Posted by: Jeff | January 14, 2010

Haiti

From Boston.com's photo feature on the Haiti earthquake.

The information trickling out of Haiti in the wake of Tuesday’s 7.0 earthquake is both horrifying and deeply sad.  Unconfirmed thousands are dead, emergency response infrastructure is shattered, and the social fabric – to say nothing of the supply of essential services like safe food and shelter – is in disarray.

The staggering loss of life and livelihood across Haiti is heart-breaking, but the broader context makes the story “cruel and incomprehensible,” to borrow the words of President Obama.

Rubble in Port-au-Prince, Haiti. Photo: Boston.com

Haiti was on the verge of something – after decades of civil conflict and political instability, followed by a spate of devastating hurricanes, Haiti was one of two Caribbean countries projected to experience GDP growth in 2010.  Aid and investment groups had begun pouring money into the island country, seeking to inject the stagnant economy with capital and technical support that would lift the country out of poverty – the most abject in the entire Western hemisphere.  Despite the miserable past, it was quickly becoming a realistic dream that Haiti would be the Dominican Republic of the future – a bustling tourist destination and emerging regional economy.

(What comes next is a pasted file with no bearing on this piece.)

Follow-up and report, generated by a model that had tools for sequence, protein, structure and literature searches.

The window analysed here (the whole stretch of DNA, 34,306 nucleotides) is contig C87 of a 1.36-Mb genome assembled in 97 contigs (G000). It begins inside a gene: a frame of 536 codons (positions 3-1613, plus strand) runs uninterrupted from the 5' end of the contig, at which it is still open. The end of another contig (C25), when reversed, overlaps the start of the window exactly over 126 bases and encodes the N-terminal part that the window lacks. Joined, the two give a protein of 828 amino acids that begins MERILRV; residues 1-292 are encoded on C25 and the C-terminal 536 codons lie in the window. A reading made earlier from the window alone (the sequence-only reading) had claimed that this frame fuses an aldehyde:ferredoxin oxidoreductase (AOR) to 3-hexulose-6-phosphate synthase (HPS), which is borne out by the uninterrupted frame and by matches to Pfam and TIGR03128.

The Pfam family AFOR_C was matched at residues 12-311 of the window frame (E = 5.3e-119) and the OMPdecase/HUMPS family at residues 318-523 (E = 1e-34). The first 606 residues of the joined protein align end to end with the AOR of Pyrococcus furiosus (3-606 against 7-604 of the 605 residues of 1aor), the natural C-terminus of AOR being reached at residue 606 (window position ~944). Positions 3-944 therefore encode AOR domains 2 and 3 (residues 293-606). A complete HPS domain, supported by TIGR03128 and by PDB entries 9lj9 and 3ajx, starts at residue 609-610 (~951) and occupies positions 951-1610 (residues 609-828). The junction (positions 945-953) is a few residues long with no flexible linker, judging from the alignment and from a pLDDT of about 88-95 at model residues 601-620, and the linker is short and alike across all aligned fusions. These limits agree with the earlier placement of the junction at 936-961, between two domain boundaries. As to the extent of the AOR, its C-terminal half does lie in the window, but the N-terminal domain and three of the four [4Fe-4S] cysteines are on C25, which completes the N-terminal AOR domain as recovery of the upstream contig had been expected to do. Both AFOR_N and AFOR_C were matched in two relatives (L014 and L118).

Now, this seems a pipe dream.  Initial estimates of damages are still coming in, and they do not look good. Tyler Cowen lists off a whole litany of problems Haiti is facing:

Haiti is about the size of Maryland and a big chunk of the population lives in or near Port-Au-Prince, maybe a third of the total, depending on what you count as a suburb.  So the collapse of Port-Au-Prince is a big, big deal for the country as a whole.  It’s a dominant city for Haiti.  Plus Jacmel seems to be leveled.  From the reports I have seen, my tentative conclusion is that the country as a whole is currently below the subsistence level and will remain so for the foreseeable future.  Hundreds of thousands of people have died, the U.N. Mission has collapsed, the government is not working (was it ever?), and hundreds of thousands or maybe millions of people are living in the streets without reliable food or water supplies.  The hospitals and schools have collapsed.  The airport is shut down.  The port is very badly damaged.  The Haitian Penitentiary has collapsed and the inmates — tough guys most of them — are running free for the foreseeable future.  There is no viable police force or army.